Synopses & Reviews
The strange and varied lives of the ten children of the worlds most beloved novelist
Charles Dickens, famous for the indelible child characters he created—from Little Nell to Oliver Twist and David Copperfield—was also the father of ten children (and a possible eleventh). What happened to those children is the fascinating subject of Robert Gottliebs Great Expectations. With sympathy and understanding he narrates the highly various and surprising stories of each of Dickenss sons and daughters, from Kate, who became a successful artist, to Frank, who died in Moline, Illinois, after serving a grim stretch in the Royal Canadian Mounted Police.
Each of these lives is fascinating on its own. Together they comprise a unique window on Victorian England as well as a moving and disturbing study of Dickens as a father and as a man.
"Just in time for fireside reading season, Gottlieb (Lives and Letters; Sarah: The Life of Sarah Bernhard) offers this intimate look into the family life of Charles Dickens, the World's Best Worst Father. Gottlieb profiles each of the 10 Dickens children seven sons and three daughters, one who died in infancy and includes a chapter on the scandalous possible existence of an 11th child, a son born to Ellen Ternan, Dickens's probable mistress. The book is divided into two separate, chronological sections delineated by Dickens's death in 1870, a structural choice that re-enacts the way in which Dickens held ultimate control over the life narratives of his children, and demonstrates just how large his shadow loomed as both an excellence-demanding father and a disappointment-doling ghost. Life was often bleak for the siblings, who were subject to Dickens's often brutal scrutiny and the life-altering decisions that followed. Gottlieb studs these portraits with artifacts ripe for happy discovery, including excerpts from personal letters and rare photographs. The results are fascinating but often tragic, with each Dickens baby born with more perceived brilliance than the last, only to grow up and reveal a fatal ordinariness to their father. This smart and accessible biography is written in a clever, conversational tone that radiates coziness during even the coldest moments, keeping the pages swiftly turning." Publishers Weekly Copyright PWxyz, LLC. All rights reserved.
Praise for Great Expectations
Robert Gottliebs Great Expectations: The Sons and Daughters of Charles Dickens is an ingenious way of using the available information on Dickenss nine children who grew into adulthood. It throws light not only on the novelist himself, but also on the range of influence parents and home life can have on offspring. It is also a fascinating and haunting portrait of attitudes towards children and career possibilities in England in the mid-nineteenth century . . . It would have been easy for Gottlieb to trace the personal weaknesses and the strange fate of most of the Dickens brood to the separation of their parents and the banishment of their mother, but it is to his credit that he reads each case more subtly and without a scheme and allows each of the children a sort of autonomy, giving them a life not merely determined by a single traumatic event in their youth or childhood . . . The fate of the Dickens children as outlined here allows us to imagine with greater richness the lives of so many others whose names merely survive on gravestones, or census forms, or on lists of members of the army and navy. They also help us to read the novels of the period.” —Colm Tóibín, The New York Review of Books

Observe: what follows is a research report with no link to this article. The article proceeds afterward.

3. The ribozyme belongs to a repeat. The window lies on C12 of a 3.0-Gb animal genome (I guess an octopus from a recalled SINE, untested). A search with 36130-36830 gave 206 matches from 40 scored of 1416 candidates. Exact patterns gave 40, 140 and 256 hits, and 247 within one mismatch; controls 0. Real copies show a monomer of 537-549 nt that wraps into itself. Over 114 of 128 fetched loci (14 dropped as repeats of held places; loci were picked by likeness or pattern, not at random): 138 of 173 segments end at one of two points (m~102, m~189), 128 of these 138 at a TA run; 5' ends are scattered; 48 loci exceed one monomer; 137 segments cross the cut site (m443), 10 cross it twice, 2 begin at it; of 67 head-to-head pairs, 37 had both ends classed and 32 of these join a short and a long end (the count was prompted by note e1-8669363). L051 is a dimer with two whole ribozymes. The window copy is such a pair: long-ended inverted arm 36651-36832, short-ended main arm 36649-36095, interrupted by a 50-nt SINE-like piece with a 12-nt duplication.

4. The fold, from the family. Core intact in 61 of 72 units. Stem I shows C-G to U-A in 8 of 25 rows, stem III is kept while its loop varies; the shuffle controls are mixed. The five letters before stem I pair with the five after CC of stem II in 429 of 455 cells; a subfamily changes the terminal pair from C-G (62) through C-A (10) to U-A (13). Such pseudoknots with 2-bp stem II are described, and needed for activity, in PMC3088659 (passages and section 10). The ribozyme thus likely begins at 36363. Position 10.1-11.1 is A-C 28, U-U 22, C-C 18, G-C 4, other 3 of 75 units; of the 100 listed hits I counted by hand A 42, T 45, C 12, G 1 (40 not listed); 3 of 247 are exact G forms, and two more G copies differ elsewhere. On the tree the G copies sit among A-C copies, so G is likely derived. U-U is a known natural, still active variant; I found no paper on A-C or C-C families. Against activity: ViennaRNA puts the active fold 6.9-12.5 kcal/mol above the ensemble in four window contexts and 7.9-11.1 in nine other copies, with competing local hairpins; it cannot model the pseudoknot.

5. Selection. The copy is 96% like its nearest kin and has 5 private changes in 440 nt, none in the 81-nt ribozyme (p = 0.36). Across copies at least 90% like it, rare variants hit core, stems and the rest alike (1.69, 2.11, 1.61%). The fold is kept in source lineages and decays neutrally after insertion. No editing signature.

“[An] easygoing, elegant, and surprisingly fascinating book.”—The Washington Post
“Ingenious...It throws light not only on the novelist himself, but also on the range of influence parents and home life can have on offspring.”—Colm Tóibín, The New York Review of Book
“An irresistibly readable new book.”—Salon
“An accessible, sharply focused, and opinionated portrait of what the ‘magical but dominating father wrought at home...[Gottlieb] brings an enticingly light touch to his scholarship, resulting in a book that reads like haute literary gossip.”—NPR
About the Author
Robert Gottlieb has been the editor in chief of Alfred A. Knopf and The New Yorker. He is the author of Sarah: The Life of Sarah Bernhard, George Balanchine: The Ballet Maker, and Lives and Letters (FSG, 2011), and is the dance critic for The New York Observer.